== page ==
40 Parentheses Precedence and associativity can be controlled using parentheses (). ne = * 3 ; ne = ( ) * 3 ; These statements demonstrate use of parentheses to control the order in which operations with different precedence are performed on integral values. Expression * 3 evaluates 2 * 3 first because the multiplication operator * has a higher precedence than the addition operator +. The expression evaluates as follows: * 3 = * 3 = 6 = = 7 7 is assigned to variable ne and the operator program reports its value. Expression ( ) * 3 evaluates first because expression is enclosed in parentheses. The expression evaluates as follows: ( ) * 3 = 3 * = 3 = 9 3 * 3 = 9 9 is assigned to variable ne and the operator program reports its value.

41 be = true true & false ; be = ( true true ) & false ; These statements demonstrate use of parentheses to control the order in which operations with different precedence are performed on boolean values. Expression true true & false evaluates true & false first because the and operator & has a higher precedence than the or operator. The expression is evaluated as follows: true true & false = true false true & false = false = true true false = true True is assigned to variable be and the operator program reports its value. Expression ( true true ) & false evaluates true true first because expression true true is enclosed in parentheses. The expression is evaluated as follows: ( true true ) & false = true & false true true = true = false true & false = false False is assigned to variable be and the operator program reports its value.

42 be = b1 ( b0 = true ) ; be = b1 ( b0 = true ) ; These statements demonstrate use of parentheses to control the order of execution of assignment statements and also demonstrate the difference between logical operators and conditional logical operators. Prior to executing each of these statements the value of variable b0 is false and the value of b1 is true. Expression b1 ( b0 = true ) evaluates b1, which evaluates to true. Expression b0 = true is then evaluated, assigning true to b0 and evaluating to true. The overall expression is thus true true, which is evaluates to true. During evaluation of this expression, the value of b0 changes from false to true. The operator program reports the value of b0. Expression b1 ( b0 = true ) evaluates b1, which evaluates to true. Since one of the operands in the overall or expression is true, the expression will evaluate to true regardless of the value of the remaining operand, and the remaining operand is thus not evaluated. During evaluation of this expression, expression b0 = true is not evaluated and the value of b0 therefore does not change, but remains false. The operator program reports the value of b0. The statements above cause the following warnings to be issued: 'b0' is assigned a value that is never used 'be' is assigned a value that is never used Possibly incorrect assignment The warning that b0 is assigned a value that is never used refers to the statement prior to the above statements (b0 = false ;) that assigns false to b0 before the first statement above is executed, changing the value of b0 to true. The false value assigned to b0 is therefore never used. The warning that be is assigned a value that is never used refers to the fact that since the operator program does not report the values assigned to be, the values are never used. The possibly incorrect assignment warning arises from the fact that statement b0 = true in the second statement above is not executed. These warnings, however, are warnings and not errors, and the program still compiles successfully.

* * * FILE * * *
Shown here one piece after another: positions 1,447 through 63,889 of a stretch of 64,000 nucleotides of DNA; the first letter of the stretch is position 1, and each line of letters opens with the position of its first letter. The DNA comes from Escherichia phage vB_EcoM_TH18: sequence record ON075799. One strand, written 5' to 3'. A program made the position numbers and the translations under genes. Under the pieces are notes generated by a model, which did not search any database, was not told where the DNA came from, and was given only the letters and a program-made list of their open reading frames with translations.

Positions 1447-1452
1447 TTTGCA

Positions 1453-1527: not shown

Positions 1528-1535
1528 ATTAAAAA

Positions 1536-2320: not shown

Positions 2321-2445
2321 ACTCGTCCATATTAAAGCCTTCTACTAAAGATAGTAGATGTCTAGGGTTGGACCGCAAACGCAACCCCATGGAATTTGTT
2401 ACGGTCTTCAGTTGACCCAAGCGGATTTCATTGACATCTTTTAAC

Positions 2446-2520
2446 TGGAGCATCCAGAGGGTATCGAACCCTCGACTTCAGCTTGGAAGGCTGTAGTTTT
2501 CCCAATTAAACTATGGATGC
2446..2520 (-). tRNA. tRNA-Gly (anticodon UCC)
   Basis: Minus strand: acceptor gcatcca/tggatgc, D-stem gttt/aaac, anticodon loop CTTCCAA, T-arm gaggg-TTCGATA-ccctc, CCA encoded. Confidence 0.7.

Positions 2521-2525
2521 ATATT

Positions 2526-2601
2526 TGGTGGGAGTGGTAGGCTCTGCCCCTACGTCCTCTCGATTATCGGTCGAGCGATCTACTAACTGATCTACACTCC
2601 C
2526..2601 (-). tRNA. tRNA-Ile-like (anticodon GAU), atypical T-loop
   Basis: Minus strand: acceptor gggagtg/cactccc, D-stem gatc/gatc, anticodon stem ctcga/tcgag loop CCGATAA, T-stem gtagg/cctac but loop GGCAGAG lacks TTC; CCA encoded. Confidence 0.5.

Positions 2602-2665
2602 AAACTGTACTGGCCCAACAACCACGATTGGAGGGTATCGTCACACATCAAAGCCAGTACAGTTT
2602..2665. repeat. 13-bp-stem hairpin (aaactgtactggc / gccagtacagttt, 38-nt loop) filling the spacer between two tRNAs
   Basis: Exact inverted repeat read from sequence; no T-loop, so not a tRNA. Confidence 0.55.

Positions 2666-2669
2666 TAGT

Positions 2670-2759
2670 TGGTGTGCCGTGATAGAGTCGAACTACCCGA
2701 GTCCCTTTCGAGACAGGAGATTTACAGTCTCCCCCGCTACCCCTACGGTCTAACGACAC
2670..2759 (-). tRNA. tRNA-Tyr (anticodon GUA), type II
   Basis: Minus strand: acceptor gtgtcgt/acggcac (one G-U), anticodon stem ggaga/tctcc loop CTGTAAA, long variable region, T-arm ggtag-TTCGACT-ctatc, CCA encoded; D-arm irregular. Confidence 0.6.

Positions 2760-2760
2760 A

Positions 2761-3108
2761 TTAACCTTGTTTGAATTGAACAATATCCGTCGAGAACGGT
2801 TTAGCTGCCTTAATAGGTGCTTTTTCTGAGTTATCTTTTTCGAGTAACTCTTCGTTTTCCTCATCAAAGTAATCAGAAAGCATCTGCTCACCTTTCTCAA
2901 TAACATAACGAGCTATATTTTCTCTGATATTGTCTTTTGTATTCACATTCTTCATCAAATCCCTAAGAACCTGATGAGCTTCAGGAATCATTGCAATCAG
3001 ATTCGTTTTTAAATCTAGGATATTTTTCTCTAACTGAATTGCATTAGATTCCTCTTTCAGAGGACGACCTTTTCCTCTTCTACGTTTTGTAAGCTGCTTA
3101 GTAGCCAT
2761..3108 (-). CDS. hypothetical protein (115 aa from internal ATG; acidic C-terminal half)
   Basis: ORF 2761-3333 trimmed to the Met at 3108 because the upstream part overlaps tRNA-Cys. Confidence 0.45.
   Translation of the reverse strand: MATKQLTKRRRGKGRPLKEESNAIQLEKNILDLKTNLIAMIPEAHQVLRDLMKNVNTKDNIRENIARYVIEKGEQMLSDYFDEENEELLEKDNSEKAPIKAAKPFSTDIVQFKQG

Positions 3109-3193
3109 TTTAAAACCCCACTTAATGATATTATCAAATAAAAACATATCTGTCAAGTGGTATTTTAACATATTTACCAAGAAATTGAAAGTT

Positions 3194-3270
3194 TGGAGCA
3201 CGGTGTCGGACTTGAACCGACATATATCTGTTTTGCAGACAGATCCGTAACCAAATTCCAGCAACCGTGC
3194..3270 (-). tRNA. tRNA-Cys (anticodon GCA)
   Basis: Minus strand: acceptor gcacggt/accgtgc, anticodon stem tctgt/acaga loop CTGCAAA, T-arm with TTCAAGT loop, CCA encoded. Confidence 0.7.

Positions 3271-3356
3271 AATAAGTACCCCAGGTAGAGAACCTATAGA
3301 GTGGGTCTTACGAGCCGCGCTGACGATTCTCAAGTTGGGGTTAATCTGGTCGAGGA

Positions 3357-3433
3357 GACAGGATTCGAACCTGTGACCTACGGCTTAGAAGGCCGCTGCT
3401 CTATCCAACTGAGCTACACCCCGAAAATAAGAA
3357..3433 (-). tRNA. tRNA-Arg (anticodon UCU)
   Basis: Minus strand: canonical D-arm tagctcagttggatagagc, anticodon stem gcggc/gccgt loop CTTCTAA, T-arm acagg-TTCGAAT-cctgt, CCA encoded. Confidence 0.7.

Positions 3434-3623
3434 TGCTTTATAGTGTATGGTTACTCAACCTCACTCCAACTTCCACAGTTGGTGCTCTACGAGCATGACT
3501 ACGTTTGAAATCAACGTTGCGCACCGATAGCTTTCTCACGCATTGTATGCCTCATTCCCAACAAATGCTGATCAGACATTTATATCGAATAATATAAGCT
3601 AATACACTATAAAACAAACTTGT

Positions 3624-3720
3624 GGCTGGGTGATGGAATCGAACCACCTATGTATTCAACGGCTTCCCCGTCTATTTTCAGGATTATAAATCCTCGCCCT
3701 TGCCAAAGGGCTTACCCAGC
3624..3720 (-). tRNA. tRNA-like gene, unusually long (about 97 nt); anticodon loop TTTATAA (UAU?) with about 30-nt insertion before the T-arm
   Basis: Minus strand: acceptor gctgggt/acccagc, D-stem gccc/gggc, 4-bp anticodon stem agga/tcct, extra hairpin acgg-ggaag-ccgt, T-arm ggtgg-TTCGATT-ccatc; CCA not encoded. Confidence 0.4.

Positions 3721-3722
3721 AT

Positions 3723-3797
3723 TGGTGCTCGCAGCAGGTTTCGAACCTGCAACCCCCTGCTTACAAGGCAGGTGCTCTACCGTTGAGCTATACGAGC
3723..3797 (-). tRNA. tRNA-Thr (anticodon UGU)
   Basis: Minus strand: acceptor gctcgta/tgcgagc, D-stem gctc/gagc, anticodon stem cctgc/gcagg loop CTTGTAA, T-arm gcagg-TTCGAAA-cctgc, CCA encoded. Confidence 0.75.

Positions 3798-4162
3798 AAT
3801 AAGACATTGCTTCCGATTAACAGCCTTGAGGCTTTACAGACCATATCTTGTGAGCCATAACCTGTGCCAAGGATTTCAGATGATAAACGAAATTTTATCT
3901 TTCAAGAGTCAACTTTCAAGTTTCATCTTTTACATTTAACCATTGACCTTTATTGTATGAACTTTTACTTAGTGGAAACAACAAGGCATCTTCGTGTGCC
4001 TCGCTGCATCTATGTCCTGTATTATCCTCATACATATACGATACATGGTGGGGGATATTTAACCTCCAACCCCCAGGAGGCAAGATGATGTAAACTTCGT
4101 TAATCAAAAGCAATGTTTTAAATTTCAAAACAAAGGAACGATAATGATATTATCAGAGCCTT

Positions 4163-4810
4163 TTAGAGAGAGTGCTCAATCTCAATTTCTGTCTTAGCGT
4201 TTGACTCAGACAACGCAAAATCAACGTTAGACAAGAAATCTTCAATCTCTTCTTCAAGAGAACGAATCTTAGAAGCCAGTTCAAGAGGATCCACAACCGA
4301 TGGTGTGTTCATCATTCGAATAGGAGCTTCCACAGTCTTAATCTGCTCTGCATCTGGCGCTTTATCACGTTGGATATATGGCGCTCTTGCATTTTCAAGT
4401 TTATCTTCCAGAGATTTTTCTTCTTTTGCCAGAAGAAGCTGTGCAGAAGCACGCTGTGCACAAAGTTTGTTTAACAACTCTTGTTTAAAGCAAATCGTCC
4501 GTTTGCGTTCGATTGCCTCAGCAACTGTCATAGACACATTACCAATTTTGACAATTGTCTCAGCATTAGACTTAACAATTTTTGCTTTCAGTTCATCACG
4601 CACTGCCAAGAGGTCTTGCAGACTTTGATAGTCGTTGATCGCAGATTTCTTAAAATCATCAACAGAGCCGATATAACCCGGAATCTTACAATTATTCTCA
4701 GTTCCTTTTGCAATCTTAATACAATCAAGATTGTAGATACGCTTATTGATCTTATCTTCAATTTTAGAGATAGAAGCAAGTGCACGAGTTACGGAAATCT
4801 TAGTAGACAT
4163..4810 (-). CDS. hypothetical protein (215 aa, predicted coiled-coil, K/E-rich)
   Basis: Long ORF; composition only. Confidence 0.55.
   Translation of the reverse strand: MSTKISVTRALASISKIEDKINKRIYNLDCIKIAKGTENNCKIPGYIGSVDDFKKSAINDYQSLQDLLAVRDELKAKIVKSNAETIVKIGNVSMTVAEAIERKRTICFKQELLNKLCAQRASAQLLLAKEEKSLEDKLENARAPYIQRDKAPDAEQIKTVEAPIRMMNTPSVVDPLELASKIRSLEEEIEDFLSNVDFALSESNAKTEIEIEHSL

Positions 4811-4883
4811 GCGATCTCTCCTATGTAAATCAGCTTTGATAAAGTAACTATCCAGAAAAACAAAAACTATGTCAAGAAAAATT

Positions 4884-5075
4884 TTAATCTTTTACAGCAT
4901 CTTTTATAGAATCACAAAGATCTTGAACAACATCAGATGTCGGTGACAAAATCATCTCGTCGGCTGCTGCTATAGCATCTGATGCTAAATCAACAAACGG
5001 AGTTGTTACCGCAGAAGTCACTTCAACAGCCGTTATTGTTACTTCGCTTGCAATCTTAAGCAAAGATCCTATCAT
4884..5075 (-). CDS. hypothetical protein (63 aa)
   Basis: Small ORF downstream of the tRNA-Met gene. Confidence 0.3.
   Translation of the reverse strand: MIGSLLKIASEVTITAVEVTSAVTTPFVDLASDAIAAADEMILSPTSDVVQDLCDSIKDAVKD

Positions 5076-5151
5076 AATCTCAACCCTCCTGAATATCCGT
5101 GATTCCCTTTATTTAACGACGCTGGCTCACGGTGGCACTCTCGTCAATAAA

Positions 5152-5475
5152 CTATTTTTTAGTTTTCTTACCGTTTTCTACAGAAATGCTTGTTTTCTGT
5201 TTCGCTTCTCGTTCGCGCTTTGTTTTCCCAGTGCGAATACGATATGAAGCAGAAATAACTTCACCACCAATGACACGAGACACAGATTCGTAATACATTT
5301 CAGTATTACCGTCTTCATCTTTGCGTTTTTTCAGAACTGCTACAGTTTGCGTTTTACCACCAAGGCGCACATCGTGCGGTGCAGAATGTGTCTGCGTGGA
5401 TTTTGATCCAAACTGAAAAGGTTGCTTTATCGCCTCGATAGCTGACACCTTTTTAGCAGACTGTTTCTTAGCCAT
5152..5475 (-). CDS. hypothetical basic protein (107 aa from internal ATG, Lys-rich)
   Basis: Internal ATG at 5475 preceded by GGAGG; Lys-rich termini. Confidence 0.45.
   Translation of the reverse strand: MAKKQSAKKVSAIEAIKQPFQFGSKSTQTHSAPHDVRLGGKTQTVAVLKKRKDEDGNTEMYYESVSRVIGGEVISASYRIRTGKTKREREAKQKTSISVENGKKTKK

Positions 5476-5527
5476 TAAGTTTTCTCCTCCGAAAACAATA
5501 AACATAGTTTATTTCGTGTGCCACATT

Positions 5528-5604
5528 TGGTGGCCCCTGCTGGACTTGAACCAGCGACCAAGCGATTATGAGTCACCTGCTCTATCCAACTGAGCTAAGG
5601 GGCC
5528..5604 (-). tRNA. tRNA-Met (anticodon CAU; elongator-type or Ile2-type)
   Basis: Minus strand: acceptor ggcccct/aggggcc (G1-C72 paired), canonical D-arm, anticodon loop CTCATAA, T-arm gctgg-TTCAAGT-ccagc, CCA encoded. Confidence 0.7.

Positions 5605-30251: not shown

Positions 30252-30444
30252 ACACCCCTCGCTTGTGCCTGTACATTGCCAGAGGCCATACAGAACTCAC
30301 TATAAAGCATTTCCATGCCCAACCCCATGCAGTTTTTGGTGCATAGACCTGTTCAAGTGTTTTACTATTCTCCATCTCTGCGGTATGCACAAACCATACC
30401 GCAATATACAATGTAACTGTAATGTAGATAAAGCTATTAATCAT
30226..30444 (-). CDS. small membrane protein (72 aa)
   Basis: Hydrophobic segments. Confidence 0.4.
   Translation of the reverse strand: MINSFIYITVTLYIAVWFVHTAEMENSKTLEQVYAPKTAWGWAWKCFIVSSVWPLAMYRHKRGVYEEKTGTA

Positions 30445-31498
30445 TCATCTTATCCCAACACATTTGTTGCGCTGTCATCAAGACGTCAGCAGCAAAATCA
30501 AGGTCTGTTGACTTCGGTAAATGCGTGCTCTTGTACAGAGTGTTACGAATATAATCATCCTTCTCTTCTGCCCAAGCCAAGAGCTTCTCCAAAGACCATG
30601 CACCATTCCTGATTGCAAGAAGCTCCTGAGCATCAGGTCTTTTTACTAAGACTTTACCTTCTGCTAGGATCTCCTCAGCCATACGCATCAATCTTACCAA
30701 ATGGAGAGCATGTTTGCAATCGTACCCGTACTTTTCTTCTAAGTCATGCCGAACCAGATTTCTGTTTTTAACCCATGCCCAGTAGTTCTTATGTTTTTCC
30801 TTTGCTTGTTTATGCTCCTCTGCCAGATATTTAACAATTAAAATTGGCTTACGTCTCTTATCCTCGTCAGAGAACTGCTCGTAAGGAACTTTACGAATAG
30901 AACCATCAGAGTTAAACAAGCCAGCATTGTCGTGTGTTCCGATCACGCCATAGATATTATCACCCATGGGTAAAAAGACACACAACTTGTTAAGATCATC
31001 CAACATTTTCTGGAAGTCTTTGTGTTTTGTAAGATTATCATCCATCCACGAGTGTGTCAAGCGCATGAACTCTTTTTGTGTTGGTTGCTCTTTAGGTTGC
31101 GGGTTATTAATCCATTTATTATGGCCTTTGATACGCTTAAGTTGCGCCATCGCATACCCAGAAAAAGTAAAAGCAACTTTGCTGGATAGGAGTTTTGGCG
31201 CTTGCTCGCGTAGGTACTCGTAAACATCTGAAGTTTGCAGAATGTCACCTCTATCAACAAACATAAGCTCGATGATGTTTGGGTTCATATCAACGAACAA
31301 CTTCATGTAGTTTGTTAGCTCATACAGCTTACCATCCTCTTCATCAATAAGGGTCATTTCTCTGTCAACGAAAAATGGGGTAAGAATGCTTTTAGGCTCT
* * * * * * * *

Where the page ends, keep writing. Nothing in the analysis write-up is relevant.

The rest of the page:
43 Further Comments C++ provides a large set of operators, some of which are outwith the scope of this article and have therefore not been included in the previous sections. The following table shows the precedence and associativity of all C++ operators (from highest to lowest precedence). Operators with the equal precedence are evaluated in the given order in an expression unless explicitly forced by parentheses. Precedence Operator Description Associativity scope resolution :: scope resolution left to right primary ++ postfix increment left to right -- postfix decrement () function call [] array subscript. member selection by reference -> member selection through pointer typeid() run-time type information const_cast type cast dynamic_cast type cast reinterpret_cast type cast static_cast type cast unary ++ prefix increment right to left -- prefix decrement + unary plus - unary minus (two's complement) ~ complement (one's complement)! logical not ( type ) type cast * indirection, dereference & reference sizeof size-of new dynamic memory allocation delete dynamic memory deallocation pointer. member left to right -> indirect member multiplicative * multiplication left to right

44 / division % modulus additive + addition left to right - subtraction shift << left shift left to right >> right shift relational < less than left to right > greater than <= less than or equal >= greater than or equal equality == equality left to right!= inequality and & and left to right exclusive-or ^ xor (exclusive-or) left to right or or (inclusive-or) left to right conditional and && conditional and left to right conditional or conditional or left to right conditional? : ternary conditional right to left assignment = assignment right to left += assignment by sum -= assignment by difference *= assignment by product /= assignment by dividend %= assignment by remainder <<= assignment by left-shift >>= assignment by right-shift &= assignment by and ^= assignment by xor = assignment by or exception throw throw exception comma, comma left to right